Pipeline official defends secrecy

Posted: Wednesday, July 21, 2010

Federal pipeline coordinator Larry Persily gingerly waded into the Alaska governor's race Tuesday, questioning calls by Gov. Sean Parnell's opponents in the Republican primary for confidential bids to be made public.

Briefing Alaska reporters on pipeline progress Tuesday, Persily said that the two competing pipeline proposals that are currently soliciting business in the process known as an "open season" will not become public before the November's general election, let alone the August primary.

Persily, a former Alaska journalist and legislative and executive staffer, was appointed earlier this year to head up the federal pipeline effort, which also includes loan guarantees and other assistance.

The pipeline regulatory process is governed by the Federal Energy Regulatory Commission, which doesn't make shipment bids public. The companies involved could choose to do so, but doing so might put themselves at a business disadvantage, Persily said.

"Those bids are confidential financial proposals from one entity to another," he said.

Parnell, who with former Gov. Sarah Palin was instrumental in spurring the pipelines forward with the passing of the Alaska Gasline Inducement Act, is facing primary opposition from AGIA opponents.

Under an AGIA license, TransCanada Corp. is in the midst of an open season that ends at the end of the July. The competing Denali project, owned by ConocoPhillips Co. and BP, will conclude at the end of October.

Persily said it will likely be next year before the bids are made public.

Both of Parnell's Republican opponents, former legislator Ralph Samuels and gas export proponent Bill Walker are attacking Parnell and AGIA and demanding the bids be made public.

Walker, an opponent of AGIA and the plan for a pipeline to the United States Midwest markets, has filed public records requests seeking to force Parnell to release TransCanada's information.

"The Alaska people have a right to know on August 1st if the open season was a success or failure," Walker wrote in a public records request rejected by Parnell.

Under AGIA, TransCanada's license gives the company up to $500 million in state funding to proceed towards a crucial FERC certificate for the pipeline. In exchange, the pipeline will have to meet several conditions designed to benefit the state, including open access to new North Slope explorers.

Alaska pays half the early costs until the close of the open season, and then pays up to 90 percent, up to the $500 million.

ConocoPhillips and BP balked at those conditions and began their own pipeline project.

Samuels, who while in the Legislature was the only member to vote against AGIA, said that proposals to TransCanada should be made public because of the state funding.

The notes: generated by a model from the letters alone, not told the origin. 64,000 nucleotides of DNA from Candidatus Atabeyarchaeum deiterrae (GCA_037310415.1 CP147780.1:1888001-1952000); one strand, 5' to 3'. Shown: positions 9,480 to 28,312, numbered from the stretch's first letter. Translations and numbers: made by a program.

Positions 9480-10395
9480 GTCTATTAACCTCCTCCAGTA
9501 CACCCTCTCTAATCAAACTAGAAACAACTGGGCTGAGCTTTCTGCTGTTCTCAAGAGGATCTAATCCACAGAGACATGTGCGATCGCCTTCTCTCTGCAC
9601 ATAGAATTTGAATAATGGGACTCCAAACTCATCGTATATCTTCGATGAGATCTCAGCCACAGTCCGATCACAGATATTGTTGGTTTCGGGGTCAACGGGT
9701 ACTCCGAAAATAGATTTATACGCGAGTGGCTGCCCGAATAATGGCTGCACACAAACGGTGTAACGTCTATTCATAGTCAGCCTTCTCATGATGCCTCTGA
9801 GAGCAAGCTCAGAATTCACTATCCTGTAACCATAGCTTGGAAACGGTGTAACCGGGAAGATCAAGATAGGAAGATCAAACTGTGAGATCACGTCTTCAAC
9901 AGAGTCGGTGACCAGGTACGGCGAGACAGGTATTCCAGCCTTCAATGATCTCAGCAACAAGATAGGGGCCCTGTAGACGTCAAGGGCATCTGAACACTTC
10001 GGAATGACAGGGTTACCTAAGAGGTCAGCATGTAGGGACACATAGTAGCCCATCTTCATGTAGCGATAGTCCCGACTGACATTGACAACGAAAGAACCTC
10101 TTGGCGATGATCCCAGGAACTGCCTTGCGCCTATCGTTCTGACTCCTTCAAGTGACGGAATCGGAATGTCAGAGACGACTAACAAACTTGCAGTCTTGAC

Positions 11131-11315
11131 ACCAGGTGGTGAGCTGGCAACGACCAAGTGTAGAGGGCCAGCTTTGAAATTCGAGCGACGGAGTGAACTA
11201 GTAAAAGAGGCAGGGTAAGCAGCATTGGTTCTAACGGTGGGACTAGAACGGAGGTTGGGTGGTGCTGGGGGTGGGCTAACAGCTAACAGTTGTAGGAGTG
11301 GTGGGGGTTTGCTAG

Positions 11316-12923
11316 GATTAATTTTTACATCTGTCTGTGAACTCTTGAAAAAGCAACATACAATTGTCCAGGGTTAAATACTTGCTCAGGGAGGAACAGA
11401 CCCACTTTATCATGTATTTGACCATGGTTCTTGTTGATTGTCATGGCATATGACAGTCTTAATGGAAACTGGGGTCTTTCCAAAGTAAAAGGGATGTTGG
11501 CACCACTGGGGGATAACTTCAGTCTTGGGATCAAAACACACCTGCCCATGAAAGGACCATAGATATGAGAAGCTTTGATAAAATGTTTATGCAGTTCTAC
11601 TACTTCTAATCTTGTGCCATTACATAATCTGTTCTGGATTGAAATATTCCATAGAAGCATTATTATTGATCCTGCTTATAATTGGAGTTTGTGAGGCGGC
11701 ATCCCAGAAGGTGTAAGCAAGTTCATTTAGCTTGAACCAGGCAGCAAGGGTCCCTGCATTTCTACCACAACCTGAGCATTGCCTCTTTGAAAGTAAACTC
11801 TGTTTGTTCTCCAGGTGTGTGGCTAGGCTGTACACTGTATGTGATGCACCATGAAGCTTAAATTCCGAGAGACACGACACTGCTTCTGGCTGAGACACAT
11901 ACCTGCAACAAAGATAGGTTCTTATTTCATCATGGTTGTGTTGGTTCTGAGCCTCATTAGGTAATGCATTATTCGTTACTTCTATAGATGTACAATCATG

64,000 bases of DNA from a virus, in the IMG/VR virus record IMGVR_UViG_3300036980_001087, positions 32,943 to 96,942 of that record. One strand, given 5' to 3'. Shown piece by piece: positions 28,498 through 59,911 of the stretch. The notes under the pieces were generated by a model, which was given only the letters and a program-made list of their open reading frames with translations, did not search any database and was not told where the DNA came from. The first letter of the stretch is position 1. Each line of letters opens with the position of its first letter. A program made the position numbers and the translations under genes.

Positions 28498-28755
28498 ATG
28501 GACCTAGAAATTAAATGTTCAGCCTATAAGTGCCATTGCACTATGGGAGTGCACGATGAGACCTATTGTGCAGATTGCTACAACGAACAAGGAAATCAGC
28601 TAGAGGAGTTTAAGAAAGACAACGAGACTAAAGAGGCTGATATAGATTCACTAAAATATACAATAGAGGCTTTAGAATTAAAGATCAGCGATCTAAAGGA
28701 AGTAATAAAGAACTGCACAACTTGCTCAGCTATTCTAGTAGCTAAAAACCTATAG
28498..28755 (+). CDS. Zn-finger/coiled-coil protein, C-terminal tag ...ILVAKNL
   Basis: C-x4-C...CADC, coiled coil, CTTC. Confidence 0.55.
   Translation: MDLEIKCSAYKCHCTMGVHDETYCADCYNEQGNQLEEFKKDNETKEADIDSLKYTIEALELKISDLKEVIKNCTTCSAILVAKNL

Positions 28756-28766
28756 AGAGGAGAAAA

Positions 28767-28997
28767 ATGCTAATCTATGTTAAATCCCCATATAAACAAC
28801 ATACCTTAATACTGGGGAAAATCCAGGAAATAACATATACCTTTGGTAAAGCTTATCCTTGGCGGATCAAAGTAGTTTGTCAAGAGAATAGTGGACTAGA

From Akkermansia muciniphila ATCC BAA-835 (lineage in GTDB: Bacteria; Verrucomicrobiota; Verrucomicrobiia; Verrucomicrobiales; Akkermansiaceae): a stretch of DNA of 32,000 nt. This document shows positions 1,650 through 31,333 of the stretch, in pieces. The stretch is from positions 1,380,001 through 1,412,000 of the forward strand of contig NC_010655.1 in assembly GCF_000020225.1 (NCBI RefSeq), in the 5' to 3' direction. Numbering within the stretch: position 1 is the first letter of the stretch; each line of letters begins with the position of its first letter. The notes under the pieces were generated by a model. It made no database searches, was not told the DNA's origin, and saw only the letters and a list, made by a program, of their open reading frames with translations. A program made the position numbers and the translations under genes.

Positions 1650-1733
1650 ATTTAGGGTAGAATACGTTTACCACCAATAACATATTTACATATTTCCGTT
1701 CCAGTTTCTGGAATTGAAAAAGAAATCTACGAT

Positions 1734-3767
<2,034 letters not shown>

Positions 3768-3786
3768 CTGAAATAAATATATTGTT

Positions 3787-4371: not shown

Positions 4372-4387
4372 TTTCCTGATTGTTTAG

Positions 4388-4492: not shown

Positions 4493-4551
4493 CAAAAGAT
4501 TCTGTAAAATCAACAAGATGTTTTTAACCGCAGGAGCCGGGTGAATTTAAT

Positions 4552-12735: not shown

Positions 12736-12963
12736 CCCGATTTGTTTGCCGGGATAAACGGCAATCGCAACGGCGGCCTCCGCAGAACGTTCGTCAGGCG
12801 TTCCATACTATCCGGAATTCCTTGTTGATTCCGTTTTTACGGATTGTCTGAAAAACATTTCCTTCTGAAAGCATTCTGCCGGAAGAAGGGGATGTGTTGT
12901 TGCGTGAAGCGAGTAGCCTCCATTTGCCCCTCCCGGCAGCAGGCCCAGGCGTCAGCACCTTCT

"The people of Alaska should know, we paid for that information, we paid half the bill and starting August 1st the state will be paying 90 percent," Samuels said on the Alaska Public Radio Network's Talk of Alaska program Tuesday morning.

In Persily's Tuesday briefing on pipeline progress he said provided an upbeat assessment of the state's chances of getting a natural gas pipeline, talked about the impact of plentiful shale gas in the Lower 48, and addressed Parnell's primary challengers' quest for more information.

Persily said FERC regulations that govern pipelines don't require the bids be made public, and that companies aren't likely to want their competitors to know what they're offering.

By federal law, no one gets a copy of the bids, he said.

Persily declined to say whether Alaskans would benefit from having the information sought by Walker and Samuels.

"I do not want to get into the governor's race," he said, but acknowledged that "some people are going to take it that way."

Persily continued to say he expected bids to come in during the open seasons, but that they'd almost certainly come with conditions.

And plentiful shale gas, which some have feared would scuttle both pipeline efforts, might have benefits as well.

To make a pipeline viable, he said, new demand from power plants and other big users must switch to gas. Shale gas will prevent the price spikes that made companies unwilling to switch to natural gas, he said.

"Shale will cut the top off those price spikes," he said.

• Contact reporter Pat Forgey at 523-2250 or patrick.forgey@juneauempire.com.



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